Nora Jenkins Townson is founder of Bright + Early, a human resources advisory firm for startups and creative companies.
The workplace is generally considered to be a setting where we keep strong emotions in check, so when an employee breaks the taboo and cries at work, many managers are at a loss for how to handle it.
One manager I worked with had an Achilles heel when it came to crying. He couldn’t stand to see people upset, and would often walk back the negative feedback he’d given, or even reverse a tough decision. Although he thought he was being kind in the moment, he only ended up confusing his team and delaying conversations that needed to happen. Worse, in his kindness, he ended up losing people’s trust by not standing his ground. Having to give tough feedback or even let someone go is part of a manager’s job, and you might find yourself on the receiving end of anger, sadness, or an emotional outburst. Handling it with grace and professionalism is tricky, but it can be done.
First, if you know a meeting is going to be tough, take steps to prepare. Avoid all-glass “fishbowl” style rooms, and if you can’t, ensure you position yourself to face any transparent walls or doors. Having worked in offices where glass was the only option, I’ve also resorted to strategically blocking windows with anything movable – whiteboards, coat racks, you name it. You can also have tissues on hand, although a box of Kleenex placed dead centre on a meeting table may be a giveaway that bad news is coming.
If you see tears welling up, pause the conversation. In that moment, they can’t hear you. Try giving them a bit of space by offering to get them some water. Leaving the room for a minute gives them a private moment to compose themselves, which may be all they need to continue. If you return and the employee is still upset, you could try asking them simple questions such as what their plans are for the weekend or what they thought about a recent company event. Low-key, easy conversations can help calm the brain by taking people out of “fight or flight” mode.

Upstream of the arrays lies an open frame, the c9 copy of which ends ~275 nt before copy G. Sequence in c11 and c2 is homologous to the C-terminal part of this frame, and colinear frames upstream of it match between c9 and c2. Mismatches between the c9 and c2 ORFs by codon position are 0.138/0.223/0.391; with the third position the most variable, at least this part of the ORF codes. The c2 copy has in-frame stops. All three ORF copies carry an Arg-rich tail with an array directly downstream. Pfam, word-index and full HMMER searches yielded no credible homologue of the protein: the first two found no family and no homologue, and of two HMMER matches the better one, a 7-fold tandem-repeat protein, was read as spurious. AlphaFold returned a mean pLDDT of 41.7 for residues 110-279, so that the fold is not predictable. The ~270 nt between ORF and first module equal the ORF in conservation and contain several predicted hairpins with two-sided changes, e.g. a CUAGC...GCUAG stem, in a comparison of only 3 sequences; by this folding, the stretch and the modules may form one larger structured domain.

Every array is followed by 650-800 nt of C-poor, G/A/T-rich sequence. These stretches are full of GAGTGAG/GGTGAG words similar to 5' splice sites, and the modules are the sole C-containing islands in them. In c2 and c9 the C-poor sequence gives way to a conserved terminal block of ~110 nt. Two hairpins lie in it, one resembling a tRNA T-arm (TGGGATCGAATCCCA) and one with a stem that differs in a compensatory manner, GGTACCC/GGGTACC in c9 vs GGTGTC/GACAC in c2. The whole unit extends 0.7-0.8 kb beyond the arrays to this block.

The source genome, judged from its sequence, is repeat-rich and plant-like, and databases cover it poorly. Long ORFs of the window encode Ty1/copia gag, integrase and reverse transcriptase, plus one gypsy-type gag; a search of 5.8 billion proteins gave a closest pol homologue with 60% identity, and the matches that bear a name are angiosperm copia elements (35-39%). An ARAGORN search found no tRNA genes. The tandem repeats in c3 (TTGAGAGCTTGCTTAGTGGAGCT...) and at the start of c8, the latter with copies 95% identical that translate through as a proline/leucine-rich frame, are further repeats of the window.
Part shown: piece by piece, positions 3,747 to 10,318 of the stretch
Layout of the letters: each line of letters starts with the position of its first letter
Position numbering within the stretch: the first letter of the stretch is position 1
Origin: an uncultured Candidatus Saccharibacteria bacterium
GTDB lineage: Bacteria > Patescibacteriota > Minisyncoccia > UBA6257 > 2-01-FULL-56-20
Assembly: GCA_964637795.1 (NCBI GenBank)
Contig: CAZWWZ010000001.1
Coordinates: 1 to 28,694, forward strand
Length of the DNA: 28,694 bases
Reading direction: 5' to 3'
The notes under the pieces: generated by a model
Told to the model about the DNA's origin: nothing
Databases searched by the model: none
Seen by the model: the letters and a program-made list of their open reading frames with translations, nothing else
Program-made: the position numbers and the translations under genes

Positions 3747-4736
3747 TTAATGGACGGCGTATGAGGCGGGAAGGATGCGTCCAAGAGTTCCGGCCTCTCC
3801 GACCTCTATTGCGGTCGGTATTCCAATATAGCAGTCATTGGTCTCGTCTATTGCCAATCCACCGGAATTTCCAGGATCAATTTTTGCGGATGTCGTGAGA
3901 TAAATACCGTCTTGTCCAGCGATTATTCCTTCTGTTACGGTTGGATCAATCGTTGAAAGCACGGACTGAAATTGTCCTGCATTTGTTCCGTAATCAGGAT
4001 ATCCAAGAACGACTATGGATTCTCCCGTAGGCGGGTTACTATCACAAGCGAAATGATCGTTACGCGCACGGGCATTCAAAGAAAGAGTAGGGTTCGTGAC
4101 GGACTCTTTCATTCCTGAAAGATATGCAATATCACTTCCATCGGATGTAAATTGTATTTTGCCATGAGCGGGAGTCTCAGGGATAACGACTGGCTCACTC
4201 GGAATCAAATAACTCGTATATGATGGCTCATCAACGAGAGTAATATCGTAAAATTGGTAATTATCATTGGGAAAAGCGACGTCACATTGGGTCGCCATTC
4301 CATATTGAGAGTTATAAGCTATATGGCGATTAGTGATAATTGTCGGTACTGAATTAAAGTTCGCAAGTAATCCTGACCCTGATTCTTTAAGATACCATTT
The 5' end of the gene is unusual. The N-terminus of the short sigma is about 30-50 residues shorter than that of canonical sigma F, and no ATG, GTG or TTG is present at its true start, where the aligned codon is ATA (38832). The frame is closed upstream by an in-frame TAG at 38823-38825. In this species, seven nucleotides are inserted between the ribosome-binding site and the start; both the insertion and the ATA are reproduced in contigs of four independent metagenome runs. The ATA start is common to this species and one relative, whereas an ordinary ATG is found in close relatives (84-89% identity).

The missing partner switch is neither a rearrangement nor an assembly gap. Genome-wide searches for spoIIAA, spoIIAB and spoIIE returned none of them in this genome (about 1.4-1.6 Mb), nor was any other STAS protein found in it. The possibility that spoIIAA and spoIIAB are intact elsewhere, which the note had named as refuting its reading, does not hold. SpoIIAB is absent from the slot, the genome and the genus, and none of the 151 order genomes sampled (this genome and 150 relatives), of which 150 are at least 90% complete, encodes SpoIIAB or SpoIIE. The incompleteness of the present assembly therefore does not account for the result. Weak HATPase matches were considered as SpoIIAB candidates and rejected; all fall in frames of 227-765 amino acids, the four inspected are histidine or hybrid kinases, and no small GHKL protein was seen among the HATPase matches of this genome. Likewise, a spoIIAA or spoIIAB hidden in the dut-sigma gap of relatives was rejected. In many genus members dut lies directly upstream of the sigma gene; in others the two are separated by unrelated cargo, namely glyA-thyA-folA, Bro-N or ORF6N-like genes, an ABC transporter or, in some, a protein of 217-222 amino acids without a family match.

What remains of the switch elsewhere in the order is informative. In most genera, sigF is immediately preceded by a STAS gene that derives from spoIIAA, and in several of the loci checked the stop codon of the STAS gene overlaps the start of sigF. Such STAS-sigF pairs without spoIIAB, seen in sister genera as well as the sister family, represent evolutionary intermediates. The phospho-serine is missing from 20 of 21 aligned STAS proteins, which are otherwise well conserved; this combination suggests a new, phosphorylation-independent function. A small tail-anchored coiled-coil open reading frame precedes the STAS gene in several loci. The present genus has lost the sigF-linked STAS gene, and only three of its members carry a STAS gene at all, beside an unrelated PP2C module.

Remember that while you can be an empathetic boss, it’s not your job to be their friend. Don’t backtrack on the statements you’ve made, and avoid the urge to pile on praise to ease the tension. Resist comforting them physically in any way, such as with a hug or pat, as this can be easily misconstrued. However, there’s no need to be a robot. Empathize with your team member (“I know this news may be tough to receive”) and validate their feelings. Don’t ask them to stop crying or say “it’s only work.”
If the conversation is focused on giving constructive feedback, it should centre around your investment in their growth and making a plan to improve, together. For some, finishing that conversation is helpful, as you’re leaving things on a more positive note. For others, it may not be possible to refocus and the conversation should continue at a later date. In that case, be sure to affirm that you’re there to help them grow and will work together with them on a plan to improve. There’s nothing worse than hearing bad news and being left to stew on it with no plan or conclusion.
If the conversation involves telling someone that they’ve lost their job, postponing the meeting may not be possible. In that case, you can offer a follow-up e-mail and/or phone call outlining the details of the exit package (if any) that the employee is entitled to, along with any next steps. They’d also have the opportunity to ask any questions at that time, after they’ve calmed and had a chance to consider the news. Offer them this option and ensure they’re given an easy way to get out of the office and head home, without running into co-workers.
De-escalating an emotional outburst is not a favourite task for any manager, but with some empathy and preparation, you can make the experience less painful for both of you.
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